CIFT’s new mesh design will allow juvenile fish, eggs to escape net
About 70 to 90 per cent of the by-catch is of the economically important juvenile fish. Lack of proper technology and restrictions followed by the fishermen in the trawler nets, the by- catch percentage is growing high.
VISAKHAPATNAM : About 70 to 90 per cent of the by-catch is of the economically important juvenile fish. Lack of proper technology and restrictions followed by the fishermen in the trawler nets, the by- catch percentage is growing high.
To control it, Central Institute of Fisheries Technology (CIFT) has designed a square-shaped mesh in trawl nets which is diamond-shaped now. Along with it, they are now designing a Juvenile and Trash Extrude Device (JTED), a device followed by the South East Asian countries, for the escape of juvenile fish into water.
“The fishermen who are using small mesh like 10-15 mm net is resulting in the catch of eggs and even juvenile fish which cannot escape. Once they catch, the fishermen open the cod end every three hours and throw the unwanted fish into water.
By changing the configuration of mesh size to square shape, once you drag the net, all juveniles can escape in live condition,” said G Rajeswari, the principal scientist at the CIFT. For the fish, hatching from egg to its full developed stage, it requires a lot of time. If the fish is allowed to grow, they weigh up to 30 kg, but these are captured in 1-2 gram stage.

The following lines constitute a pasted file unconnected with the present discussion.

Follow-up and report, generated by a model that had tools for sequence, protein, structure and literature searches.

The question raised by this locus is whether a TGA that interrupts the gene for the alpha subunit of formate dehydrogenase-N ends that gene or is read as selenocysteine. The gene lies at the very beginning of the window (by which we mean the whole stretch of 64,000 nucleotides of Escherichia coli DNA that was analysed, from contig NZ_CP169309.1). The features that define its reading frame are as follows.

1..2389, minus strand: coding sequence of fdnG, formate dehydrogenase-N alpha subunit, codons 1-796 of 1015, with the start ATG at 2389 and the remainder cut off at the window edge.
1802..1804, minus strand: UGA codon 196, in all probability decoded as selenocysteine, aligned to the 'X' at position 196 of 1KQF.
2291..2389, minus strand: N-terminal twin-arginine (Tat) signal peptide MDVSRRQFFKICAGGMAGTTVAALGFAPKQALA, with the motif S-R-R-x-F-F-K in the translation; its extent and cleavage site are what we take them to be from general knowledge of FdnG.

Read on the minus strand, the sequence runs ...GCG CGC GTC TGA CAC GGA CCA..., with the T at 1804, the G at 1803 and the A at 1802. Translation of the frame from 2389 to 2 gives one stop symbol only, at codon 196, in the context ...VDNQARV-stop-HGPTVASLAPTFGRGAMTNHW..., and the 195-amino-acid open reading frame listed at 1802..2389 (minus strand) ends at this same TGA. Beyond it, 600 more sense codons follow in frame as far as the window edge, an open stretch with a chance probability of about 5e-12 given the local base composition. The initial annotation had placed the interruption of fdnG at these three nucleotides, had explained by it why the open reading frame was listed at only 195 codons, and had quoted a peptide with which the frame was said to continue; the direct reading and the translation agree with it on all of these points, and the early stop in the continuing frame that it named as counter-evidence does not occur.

“With marine resources of 3.59 million tonnes, we have exploited shallow water up to a depth of 50 metres.
While Tuna fish has a lot of export value with 2,80,000 tonne potential and myctophids fish with high potential available in 102 million tonnes in Eastern Indian Ocean, they are found indepth. Under remote sensing project, we are giving details to the fishermen to find those fish,” she added. Under the project, assessment of Deep Sea Resources, CIFT scientists have found about 155 species in the deep sea.